Cancer drugs costly for many Canadians, free for others

National pharmacare program offering universal prescription coverage for all Canadians could help decrease inequities for cancer patients

Prescription drug coverage is a major problem in Canada. Canadians not only pay significantly more for medication than consumers in many other developed countries but many inequities in access exist. One’s age, profession, health needs and province of residence often determine to what extent one qualifies for public drug coverage. This has devastating effects for life-threatening conditions such as cancer. In 2017, close to 200,000 Canadians were diagnosed with cancer and 80,000 died from it.

In a recent journal article, we outlined the inequities that Canadians face regarding the reimbursement of costs for their cancer drugs. These inequities exist both between different provinces and within the same province.

Cancer drugs are mainly administered through two routes: either orally, which can be done in the comfort of the patient’s home, or intravenously, which needs to be administered in a hospital by a health care professional. Because the Canada Health Act stipulates that all physician and hospital services must be publicly funded for the provinces to receive federal funding for health, intravenous cancer drugs are covered across all provinces.

For orally administered cancer drugs, the story is quite different. In Ontario, New Brunswick, Prince Edward Island, Nova Scotia and Newfoundland and Labrador, patients sometimes bear the responsibility for some or all of the costs, while in western Canada (British Columbia, Alberta, Saskatchewan and Manitoba) and in Quebec, oral cancer drugs are fully covered.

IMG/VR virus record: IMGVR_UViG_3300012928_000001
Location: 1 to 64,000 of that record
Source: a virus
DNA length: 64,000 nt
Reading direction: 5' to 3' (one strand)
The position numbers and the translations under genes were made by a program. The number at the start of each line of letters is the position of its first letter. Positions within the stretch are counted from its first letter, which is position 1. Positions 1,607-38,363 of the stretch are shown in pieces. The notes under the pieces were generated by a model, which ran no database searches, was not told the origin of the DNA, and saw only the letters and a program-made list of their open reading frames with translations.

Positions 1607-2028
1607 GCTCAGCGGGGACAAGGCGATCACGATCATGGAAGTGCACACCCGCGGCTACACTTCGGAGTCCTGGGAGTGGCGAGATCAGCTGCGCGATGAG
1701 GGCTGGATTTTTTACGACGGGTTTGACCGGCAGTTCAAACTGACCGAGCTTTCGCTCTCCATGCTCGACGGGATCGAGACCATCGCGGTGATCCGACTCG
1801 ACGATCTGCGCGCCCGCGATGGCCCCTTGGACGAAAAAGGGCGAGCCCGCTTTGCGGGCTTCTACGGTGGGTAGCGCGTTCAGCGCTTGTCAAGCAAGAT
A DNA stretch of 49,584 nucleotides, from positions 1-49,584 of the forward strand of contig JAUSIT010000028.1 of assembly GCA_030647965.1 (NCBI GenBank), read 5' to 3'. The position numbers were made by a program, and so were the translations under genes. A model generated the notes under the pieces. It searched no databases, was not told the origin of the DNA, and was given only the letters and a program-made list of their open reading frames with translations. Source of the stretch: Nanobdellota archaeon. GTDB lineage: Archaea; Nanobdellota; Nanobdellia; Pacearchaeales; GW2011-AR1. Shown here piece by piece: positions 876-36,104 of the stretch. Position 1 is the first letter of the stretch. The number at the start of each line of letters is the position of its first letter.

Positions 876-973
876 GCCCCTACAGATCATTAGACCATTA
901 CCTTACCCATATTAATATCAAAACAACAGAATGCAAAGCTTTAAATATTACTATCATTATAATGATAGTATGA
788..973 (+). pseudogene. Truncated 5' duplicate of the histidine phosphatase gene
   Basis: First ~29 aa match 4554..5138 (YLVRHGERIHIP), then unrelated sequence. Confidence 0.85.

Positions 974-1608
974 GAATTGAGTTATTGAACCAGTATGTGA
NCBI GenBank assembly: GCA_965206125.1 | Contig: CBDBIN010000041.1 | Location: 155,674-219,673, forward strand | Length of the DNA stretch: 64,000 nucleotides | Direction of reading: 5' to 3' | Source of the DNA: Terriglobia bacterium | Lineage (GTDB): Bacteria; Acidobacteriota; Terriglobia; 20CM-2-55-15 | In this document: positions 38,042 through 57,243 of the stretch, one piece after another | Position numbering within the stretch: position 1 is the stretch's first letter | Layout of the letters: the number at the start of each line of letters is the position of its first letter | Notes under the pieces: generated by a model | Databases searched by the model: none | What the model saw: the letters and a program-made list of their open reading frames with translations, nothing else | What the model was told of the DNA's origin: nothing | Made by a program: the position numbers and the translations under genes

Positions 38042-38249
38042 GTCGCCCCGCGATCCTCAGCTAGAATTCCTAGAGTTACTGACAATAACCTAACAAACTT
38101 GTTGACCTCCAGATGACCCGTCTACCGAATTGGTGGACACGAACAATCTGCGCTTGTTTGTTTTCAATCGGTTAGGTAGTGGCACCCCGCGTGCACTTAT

This creates inequities within a province.

For example, if two patients have the same type of cancer in a province where oral drugs are not covered, but one is prescribed an intravenous drug while the other is prescribed an oral drug, one will have out-of-pocket expenses that the other will simply not have.

Beyond inequities within the same province, inequities between different provinces also exist. 

Firstly, there are differences in the number of available funded cancer drugs between provinces. This leads to situations where if a cancer drug has been approved for funding in one province but not the other, one patient will get it for free while the other patient in another province might have to remortgage their house in an effort to afford a drug that can cost anywhere from $1,800 to $132,000 per year.

Secondly, with oral cancer drugs being fully covered in western Canada and Quebec but not in other provinces, two patients requiring the same oral cancer drug in two different provinces will have very different experiences. While a patient in British Columbia will receive the oral drug for free, a patient in Ontario might incur significant expenses.

In June 2019, the Advisory Council on the Implementation of National Pharmacare issued its final report on universal drug coverage and recommended the establishment of pharmacare, a publicly funded insurance plan that would provide universal prescription medicine for all Canadians. It will be interesting to see how the upcoming federal election shapes the narrative around the implementation of this program as the federal political parties begin to unroll their campaign promises. 

Pharmacare should be an election issue for all parties. Like medicare before it, pharmacare should be a cross-partisan commitment.

It is clear that severe inequities exist in cancer drug reimbursement programs in Canada. It is also clear that this significantly affects Canadians suffering from cancer and that these inequities need to be addressed, sooner rather than later. 

Mark Sorin is a student in the MD/PhD Program at McGill University. He holds a (H) B.Sc. in Pharmacology from McGill University. Amélie Quesnel-Vallée is the Canada Research Chair on Policies and Health Inequalities and Director of the Observatory on Health and Social Services Reforms at McGill University.